From the position description,
The Governor leads the Bank of England, and plays an important role in setting monetary and regulatory policy, chairing the Monetary Policy Committee, the Financial Policy Committee and (from next year) the board of the Prudential Regulation Authority....
The Governor will work closely with the Chancellor of the Exchequer and H M Treasury, which is responsible for setting the framework under which the Bank operates.
The new Governor will lead the Bank through major reforms to the regulatory system, including the transfer of new responsibilities that will see the Bank take the lead in safeguarding the stability of the UK financial system.
The successful candidate must demonstrate that they can successfully lead, influence and manage the change in the Bank’s responsibilities, inspiring confidence and credibility both within the Bank and throughout financial markets.
The successful candidate will have experience of working in, or with, a central bank or similar institution; or will have worked at the most senior level in a major bank or other financial institution.
He or she will demonstrate strong leadership, management and policy skills; will have an advanced understanding of financial markets and good economic knowledge.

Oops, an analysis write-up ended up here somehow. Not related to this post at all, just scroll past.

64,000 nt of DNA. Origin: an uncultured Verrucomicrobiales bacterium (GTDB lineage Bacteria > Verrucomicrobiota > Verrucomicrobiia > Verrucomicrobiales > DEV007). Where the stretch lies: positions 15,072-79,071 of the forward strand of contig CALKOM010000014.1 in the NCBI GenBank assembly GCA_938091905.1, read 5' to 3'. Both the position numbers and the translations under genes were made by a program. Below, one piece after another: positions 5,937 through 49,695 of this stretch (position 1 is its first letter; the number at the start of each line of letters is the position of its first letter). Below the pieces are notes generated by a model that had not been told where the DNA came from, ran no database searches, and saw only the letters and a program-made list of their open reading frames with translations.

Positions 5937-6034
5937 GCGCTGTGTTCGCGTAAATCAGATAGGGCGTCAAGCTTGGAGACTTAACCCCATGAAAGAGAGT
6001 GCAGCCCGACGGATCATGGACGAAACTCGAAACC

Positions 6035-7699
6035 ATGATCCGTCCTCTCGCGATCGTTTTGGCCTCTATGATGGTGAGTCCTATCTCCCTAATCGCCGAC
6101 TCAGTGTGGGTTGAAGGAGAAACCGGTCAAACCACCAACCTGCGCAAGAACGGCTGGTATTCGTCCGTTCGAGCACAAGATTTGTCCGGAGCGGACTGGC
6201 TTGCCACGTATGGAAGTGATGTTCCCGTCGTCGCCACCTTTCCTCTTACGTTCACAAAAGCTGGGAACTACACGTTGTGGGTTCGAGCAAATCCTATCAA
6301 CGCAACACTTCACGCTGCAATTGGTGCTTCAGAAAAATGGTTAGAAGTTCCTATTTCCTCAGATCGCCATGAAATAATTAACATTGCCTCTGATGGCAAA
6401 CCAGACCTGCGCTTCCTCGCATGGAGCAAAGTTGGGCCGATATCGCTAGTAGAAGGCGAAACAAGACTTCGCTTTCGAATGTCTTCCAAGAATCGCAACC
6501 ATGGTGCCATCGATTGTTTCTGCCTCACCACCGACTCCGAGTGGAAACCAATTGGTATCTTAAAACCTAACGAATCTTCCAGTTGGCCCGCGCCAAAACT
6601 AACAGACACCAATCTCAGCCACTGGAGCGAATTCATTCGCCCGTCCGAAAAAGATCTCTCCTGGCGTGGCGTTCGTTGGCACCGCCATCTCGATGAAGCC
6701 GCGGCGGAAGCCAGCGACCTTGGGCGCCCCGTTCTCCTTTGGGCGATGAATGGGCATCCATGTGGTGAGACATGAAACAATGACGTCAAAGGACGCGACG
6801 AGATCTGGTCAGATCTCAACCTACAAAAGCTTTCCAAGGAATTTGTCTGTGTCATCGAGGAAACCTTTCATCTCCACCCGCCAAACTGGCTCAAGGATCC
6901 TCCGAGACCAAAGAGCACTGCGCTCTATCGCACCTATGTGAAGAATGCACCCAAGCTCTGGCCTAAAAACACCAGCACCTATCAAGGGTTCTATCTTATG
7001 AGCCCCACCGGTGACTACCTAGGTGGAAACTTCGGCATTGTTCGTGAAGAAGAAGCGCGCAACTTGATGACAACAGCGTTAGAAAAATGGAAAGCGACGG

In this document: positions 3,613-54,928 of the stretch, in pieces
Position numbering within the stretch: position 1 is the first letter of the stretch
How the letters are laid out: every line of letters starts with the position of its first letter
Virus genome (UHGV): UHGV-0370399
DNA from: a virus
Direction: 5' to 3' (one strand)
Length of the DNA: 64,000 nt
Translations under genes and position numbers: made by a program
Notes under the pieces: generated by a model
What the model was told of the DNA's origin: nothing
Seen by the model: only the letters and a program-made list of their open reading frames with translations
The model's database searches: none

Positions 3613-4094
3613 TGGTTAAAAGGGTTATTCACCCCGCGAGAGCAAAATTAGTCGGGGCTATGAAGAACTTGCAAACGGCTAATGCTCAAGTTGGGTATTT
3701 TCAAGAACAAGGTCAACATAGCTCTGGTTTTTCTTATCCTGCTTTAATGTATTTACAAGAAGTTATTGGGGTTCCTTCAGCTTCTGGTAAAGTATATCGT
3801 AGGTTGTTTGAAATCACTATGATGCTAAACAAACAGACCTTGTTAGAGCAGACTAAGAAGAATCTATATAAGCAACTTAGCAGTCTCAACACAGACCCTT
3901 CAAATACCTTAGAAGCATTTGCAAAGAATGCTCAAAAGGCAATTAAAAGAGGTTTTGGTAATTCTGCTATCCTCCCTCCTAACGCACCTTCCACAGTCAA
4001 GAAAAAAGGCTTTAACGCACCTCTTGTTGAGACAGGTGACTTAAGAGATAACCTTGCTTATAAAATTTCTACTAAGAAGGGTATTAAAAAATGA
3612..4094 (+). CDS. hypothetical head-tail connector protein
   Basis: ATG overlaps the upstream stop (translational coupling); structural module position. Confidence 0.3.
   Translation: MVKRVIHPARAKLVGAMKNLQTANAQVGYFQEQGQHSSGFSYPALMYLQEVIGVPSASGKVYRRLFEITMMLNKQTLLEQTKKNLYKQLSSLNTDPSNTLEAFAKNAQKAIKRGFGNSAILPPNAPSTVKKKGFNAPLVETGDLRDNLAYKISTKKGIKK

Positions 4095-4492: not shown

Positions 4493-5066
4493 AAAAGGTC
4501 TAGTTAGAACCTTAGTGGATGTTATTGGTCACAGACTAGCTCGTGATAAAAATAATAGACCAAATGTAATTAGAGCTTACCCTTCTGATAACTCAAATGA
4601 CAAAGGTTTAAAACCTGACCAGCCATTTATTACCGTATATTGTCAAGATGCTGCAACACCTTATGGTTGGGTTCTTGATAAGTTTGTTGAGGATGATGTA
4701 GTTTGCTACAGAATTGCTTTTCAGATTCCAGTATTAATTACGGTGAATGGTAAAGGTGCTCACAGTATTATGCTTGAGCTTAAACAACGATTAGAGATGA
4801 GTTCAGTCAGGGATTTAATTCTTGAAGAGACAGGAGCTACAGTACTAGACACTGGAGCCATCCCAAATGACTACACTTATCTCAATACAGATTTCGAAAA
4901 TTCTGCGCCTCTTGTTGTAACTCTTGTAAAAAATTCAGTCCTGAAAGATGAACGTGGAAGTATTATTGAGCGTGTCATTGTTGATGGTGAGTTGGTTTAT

He or she will be a strong communicator, have good interpersonal skills and will be a person of undisputed integrity and standing.Please note that absent from the list was the ability to spot the current financial crisis before it occurred. This is the critical requirement if the next Governor of the Bank of England is to have any credibility on day 1 and not be seen as simply an appointment to protect the status quo.
If they couldn't spot the last crisis beforehand, why should anyone believe a) they know how to conduct policies that will get us out of the current crisis or b) they could ever spot the next crisis.
Before you assume that your humble blogger is running for Governor of the Bank of England, regular readers know that I do not have the political instincts or, because of a non-verbal learning disability, the interpersonal skills for the job.
This can be easily shown by the simple fact that I am the type of person who says that banks should be required to recognize all the losses currently hidden on and off their balance sheets today regardless of the short- and long-term damage this might do to banker cash bonuses.
Now is that anyway to get the financial markets to sing your praises?